99. 99.
    Miller, K.J.: Initiation and Growth Rates of Short Fatigue Cracks. IUTAM Eshelby Memorial Symposium, Fundamentals of Deformation and Fracture, pp. 477–500 (1985)Google Scholar
  100. 100.
    Taylor, D., Knott, J.F.: Fatigue crack propagation of short cracks; the effect of microstructure. Fatigue Fract. Eng. Mater. Struct. 4, 147–155 (1981)CrossRefGoogle Scholar
  101. 101.
    De los Rios, E.R., Tang, Z., Miller, K.J.: Short crack fatigue behaviour in a medium carbon steel. Fatigue Fract. Eng. Mater. Struct. 7, 97–108 (1984)Google Scholar
  102. 102.
    Suh, C.M., Yuuki, R., Kitagawa, H.: Fatigue microcracks in a low carbon steel. Fatigue Fract. Eng. Mater. Struct. 8, 193–203 (1985)CrossRefGoogle Scholar
  103. 103.
    Brown, M.W.: Interference between short, long and non-propagating cracks. In: Miller, J.M., de los Rios, E.R. (eds.): The behaviour of short cracks. EGF 1, Mechanical Engineering Publication, London, pp. 423–439 (1986)Google Scholar
  104. 104.
    Tokaji, K., Ogawa, T., Osako, S.: The growth of microstructurally small fatigue cracks in a ferritic-pearlitic steel. Fatigue Fract. Eng. Mater. Struct. 11, 331–342 (1988)CrossRefGoogle Scholar
  105. 105.
    Tokaji, K., Ogawa, T.: The growth of microstructurally small fatigue cracks in metals. ESIS 13, Mechanical Engineering Publication, London, pp. 85–99 (1992)Google Scholar
  106. 106.
    De los Rios, E.R., Navarro, A., Hussain, K.: Microstructural variations in short fatigue cracks. ESIS 13, Mechanical Engineering Publication, London, pp. 115–132 (1992)Google Scholar
  107. 107.
    Miller, K.J.: Damage in fatigue. A new outlook. PVP Codes and Standards: vol. 1—Current Applications, PVP 313-1. ASME, pp. 191–192 (1995)Google Scholar
  108. 108.
    Dowling, N.E., Beglet, J.A.: Fatigue crack growth during gross plasticity and the J-integral. ASTM-STP 590, American Society for Testing and Materials, p. 99 (1976)Google Scholar
  109. 109.
    Hobson, P.D.: The formulation of a crack growth equation for short cracks. Fatigue Eng. Mater. Struct. 5, 323–327 (1982)CrossRefGoogle Scholar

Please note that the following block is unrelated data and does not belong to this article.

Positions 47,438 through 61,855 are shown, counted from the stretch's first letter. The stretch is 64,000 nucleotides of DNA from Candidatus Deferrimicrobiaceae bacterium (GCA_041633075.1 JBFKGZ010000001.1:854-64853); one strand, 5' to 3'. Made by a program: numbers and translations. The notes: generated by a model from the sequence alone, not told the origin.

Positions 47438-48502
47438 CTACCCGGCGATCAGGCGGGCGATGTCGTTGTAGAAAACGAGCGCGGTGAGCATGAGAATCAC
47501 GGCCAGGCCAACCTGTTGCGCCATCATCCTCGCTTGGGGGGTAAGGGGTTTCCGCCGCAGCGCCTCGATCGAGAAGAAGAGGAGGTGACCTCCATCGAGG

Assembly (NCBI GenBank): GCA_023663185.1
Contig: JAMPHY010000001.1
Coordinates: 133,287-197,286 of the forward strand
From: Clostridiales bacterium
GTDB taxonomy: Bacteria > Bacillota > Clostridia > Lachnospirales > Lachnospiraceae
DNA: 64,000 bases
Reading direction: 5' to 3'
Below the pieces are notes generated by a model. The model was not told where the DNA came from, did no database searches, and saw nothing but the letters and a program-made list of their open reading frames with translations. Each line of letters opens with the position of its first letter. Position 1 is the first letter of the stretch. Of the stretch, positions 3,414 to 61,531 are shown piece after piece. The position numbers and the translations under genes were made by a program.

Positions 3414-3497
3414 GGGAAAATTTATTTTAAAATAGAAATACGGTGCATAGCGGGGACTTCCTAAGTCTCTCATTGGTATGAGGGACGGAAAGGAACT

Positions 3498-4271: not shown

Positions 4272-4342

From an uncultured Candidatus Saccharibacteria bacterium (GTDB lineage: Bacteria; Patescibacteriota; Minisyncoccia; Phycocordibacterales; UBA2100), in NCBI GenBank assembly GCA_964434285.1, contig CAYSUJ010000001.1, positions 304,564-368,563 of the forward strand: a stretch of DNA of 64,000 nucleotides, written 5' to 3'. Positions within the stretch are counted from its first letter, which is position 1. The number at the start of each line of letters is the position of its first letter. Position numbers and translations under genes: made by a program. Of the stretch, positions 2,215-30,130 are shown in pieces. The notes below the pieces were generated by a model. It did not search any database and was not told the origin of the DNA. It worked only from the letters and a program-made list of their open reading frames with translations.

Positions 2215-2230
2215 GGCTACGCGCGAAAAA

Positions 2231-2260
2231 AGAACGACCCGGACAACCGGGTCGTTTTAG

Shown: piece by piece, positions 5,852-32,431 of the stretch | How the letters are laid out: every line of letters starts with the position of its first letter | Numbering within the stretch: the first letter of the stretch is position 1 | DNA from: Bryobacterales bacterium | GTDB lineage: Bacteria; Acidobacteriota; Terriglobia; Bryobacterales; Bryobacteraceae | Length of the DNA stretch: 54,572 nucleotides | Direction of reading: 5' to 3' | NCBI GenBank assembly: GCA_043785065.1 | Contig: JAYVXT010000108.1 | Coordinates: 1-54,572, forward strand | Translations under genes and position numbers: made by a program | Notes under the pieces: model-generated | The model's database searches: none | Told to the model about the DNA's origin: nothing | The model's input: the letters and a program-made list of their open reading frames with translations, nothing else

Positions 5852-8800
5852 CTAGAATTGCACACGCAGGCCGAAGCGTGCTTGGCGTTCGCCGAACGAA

110. 110.
    Lankford, J.: The growth of small fatigue cracks in 7075–T6 Aluminium alloy. Fatigue Eng. Mater. Struct. 5, 233–248 (1982)CrossRefGoogle Scholar
  111. 111.
    De los Rios E.R., Tang Z., Mille K.J.: Fatigue Engineering and Material Structures 7, pp. 97-108 (1984)Google Scholar
  112. 112.
    Kitagawa, H., Takahashi, S.: Applicability of fracture mechanics to very small cracks or the cracks in the early stages. In: Proceedings of 2nd International Conference Mechanical Behaviour of Materials, Boston, pp. 627–631 (1976)Google Scholar
  113. 113.
    Dowling, N.E.: Crack growth during low-cycle fatigue of smooth axial specimens. ASTM STP 637, 97–121 (1977)Google Scholar
  114. 114.
    Hobson, P.D.: The growth of short fatigue cracks in a medium carbon steel. Ph.D. thesis, University of Sheffield (1985)Google Scholar
  115. 115.
    Chopra, O.K. et al.: Environmentally Assisted cracking in light water reactors. US NRC NUREG/CR-4667 30, Semiannual Report (2001)Google Scholar
  116. 116.
    Akiniwa, Y., Tanaka, K., Matsui, E.: Statistical characteristics of propagation of small fatigue cracks in smooth specimens of aluminum alloy 2024–T3. Mater. Sci. Eng. A104, 105–115 (1988)Google Scholar
  117. 117.
    Blom, A.E, Edlund, A., Zhao, W., Fathalla, A., Weiss, B., Stickler, R.: Short fatigue crack growth in Al 2024 and Al 7475. Symposium on Behaviour of Short Fatigue Cracks, pp. 37–76, EGF 1, Sheffield (1985)Google Scholar
  118. 118.
    Lankford, J.: The growth of small fatigue cracks in 7075–T6 aluminum. Fatigue Fract. Engr. Mater. Struct. 5, 233–248 (1982)Google Scholar
  119. 119.
    Lankford, J.: The influence of microstructure on the growth of small fatigue cracks. Fatigue Fract. Eng. Mater. Struct. 8(2), 168 (1985)Google Scholar

Copyright information

© Springer-Verlag Italia 2013

Authors and Affiliations

  1. 1.Department of Civil and Mechanical EngineeringUniversity of Cassino ItalyCassinoItaly

Personalised recommendations